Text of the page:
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December 2012

In August, members of the Laureate team facilitated a Design Day as part of the Water in the Landscape project. We have now produced the first in a series of working papers (available for download). Four groups participated, using a variety of tools (for more detailed information about the set-up see the Design Studio website). This paper focuses on one group of five high school students. They used a white-wall (see the Design studio) and a tablet computer (iPad).

The findings were the result of the work of a multidisciplinary team (Kate Thompson, David Ashe, Pippa Yeoman, Dewa Wardak and Martin Parisio) contributing to the analysis of multiple streams of data (video, audio, and photographs). These findings helped to provide understanding of learning by design, learning outcomes, the use of tools, and methods for analyzing the processes of learning.

Overall, learning by design was found to be effective; promoting higher order skills such as collaboration, problem solving and creativity. The understanding of the intersections of social interactions of students, the physical and digital tools, and the development of design ideas, is vital to the on-going design of learning by design projects.

In 2013 we will apply this analysis to the other groups and develop a framework for learning by design activities.

The working paper and an executive summary are available for download

Harbour_Fireworkssml.jpgThings will be quiet here for the next two weeks, as the University of Sydney closes from December 19th to January 1st (inclusive) for the holidays.

We'll be taking a bit of a break but will return in the new year with more events, news and discussion on the sciences and technologies of learning. It's been a big and busy year for the network. We'd like to say thank you to everyone who joined us, whether we saw you at conferences or seminars, or worked with you on projects and papers, or chatted with you in person or online.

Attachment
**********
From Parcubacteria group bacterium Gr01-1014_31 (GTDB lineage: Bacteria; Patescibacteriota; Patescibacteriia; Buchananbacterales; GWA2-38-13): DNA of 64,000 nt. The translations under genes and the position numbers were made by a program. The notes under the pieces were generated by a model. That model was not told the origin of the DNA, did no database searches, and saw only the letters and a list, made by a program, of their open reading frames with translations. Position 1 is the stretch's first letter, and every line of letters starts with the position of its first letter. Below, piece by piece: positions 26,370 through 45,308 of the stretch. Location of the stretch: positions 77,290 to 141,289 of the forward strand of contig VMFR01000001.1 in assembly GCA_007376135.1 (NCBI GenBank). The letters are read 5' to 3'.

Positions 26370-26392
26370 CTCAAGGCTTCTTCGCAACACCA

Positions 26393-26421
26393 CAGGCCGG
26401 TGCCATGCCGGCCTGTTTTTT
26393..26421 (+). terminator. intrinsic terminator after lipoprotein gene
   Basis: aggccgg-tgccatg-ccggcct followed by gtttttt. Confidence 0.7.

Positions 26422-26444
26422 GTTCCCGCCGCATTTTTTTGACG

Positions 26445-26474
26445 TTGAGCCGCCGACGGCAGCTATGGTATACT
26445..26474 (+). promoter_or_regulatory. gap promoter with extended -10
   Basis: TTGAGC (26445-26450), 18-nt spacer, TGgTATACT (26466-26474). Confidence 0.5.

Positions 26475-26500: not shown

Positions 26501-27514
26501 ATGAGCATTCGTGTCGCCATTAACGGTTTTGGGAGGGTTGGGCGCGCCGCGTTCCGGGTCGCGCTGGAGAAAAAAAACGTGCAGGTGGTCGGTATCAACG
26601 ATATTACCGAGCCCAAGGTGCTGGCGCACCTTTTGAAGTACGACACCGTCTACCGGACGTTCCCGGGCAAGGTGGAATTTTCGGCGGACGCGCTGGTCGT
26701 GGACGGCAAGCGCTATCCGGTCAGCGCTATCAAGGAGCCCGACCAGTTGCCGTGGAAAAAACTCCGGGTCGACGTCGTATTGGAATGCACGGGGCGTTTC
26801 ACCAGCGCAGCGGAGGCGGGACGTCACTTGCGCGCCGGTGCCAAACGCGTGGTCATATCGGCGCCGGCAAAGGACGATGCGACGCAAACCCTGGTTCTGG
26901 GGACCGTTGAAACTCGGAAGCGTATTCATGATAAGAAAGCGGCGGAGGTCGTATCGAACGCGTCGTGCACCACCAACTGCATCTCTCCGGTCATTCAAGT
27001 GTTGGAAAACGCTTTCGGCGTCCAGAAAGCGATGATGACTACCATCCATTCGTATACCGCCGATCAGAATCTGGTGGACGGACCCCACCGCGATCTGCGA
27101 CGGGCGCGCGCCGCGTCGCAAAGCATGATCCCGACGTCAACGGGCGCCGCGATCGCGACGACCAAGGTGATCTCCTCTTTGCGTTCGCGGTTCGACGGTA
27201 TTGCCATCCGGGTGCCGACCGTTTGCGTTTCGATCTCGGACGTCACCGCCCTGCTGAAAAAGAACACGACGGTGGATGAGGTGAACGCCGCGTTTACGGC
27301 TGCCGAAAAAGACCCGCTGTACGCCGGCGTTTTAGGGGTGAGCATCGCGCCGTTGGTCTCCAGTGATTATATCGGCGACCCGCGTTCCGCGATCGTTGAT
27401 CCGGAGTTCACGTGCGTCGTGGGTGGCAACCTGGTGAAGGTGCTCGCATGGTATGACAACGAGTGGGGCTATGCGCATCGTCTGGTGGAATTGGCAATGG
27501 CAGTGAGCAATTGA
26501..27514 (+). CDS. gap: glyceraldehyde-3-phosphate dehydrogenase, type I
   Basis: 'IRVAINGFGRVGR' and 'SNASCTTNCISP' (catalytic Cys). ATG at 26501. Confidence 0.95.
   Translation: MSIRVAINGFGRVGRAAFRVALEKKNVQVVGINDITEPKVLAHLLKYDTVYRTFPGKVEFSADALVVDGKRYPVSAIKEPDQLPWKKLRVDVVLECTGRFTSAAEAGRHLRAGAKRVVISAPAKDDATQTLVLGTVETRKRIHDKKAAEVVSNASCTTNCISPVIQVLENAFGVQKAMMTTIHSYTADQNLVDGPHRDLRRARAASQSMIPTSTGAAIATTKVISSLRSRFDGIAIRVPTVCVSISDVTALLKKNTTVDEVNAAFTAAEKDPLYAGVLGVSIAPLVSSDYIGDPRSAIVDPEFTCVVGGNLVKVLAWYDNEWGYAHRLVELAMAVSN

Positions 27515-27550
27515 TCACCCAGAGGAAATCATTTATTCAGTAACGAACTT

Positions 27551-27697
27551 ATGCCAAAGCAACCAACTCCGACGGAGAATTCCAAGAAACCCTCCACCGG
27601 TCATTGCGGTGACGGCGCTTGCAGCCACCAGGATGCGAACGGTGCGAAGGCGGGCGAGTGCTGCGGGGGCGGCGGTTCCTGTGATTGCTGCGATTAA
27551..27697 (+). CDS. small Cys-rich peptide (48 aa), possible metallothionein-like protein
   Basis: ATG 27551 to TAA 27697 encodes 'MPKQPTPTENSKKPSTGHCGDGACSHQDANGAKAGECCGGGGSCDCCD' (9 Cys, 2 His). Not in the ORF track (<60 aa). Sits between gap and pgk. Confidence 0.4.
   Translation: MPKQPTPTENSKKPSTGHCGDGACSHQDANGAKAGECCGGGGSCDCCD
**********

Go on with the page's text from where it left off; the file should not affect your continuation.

Wishing you all a very happy holidays, and looking forward to seeing you in 2013!

Melinda Lewis sml.jpgThe short paper co-authored by CoCo PhD Candidate Melinda Lewis with Jason Lodge from Griffith received the best concise paper award at this year’s ascilite conference in Wellington. Well done!

Title: Pigeon pecks and mouse clicks: Putting the learning back into learning.
Authors: Jason Lodge (Griffith University) and Melinda Lewis (University of Sydney).

Every two years the Australian Research Council carries out a national assessment of the quality of university research - all fields of research in all universities.

In the 2010 research assessment, the area in which Learning Sciences and Learning Technology research is located (FoR1303) scored 4. (This equates to research which is 'above world standard'.) The 2012 research assessment results were released today and once again we have been awarded a 4 for the quality of our work. Congratulations to all concerned.

Collabsml.jpgCongratulations to Dr Karl Maton and his fellow researchers who were recently awarded an ARC Discovery Project grant for their proposal, "Pedagogies for knowledge-building: investigating subject-appropriate, cumulative teaching for twenty-first century school classrooms".

To succeed in today's knowledge society, young people need to quickly grasp the organising principles for building different forms of knowledge. This interdisciplinary project explores how teachers marshall the resources of modern classrooms to apprentice students into subject-specific principles for knowledge-building in Science and History.

Research will start in 2013, and run for three years, building on the previous groundbreaking 'DISKS' project. For more information on Karl's research see here (offsite).

About the Blog

Research by the University's Centre for Research on Learning and Innovation (CRLI).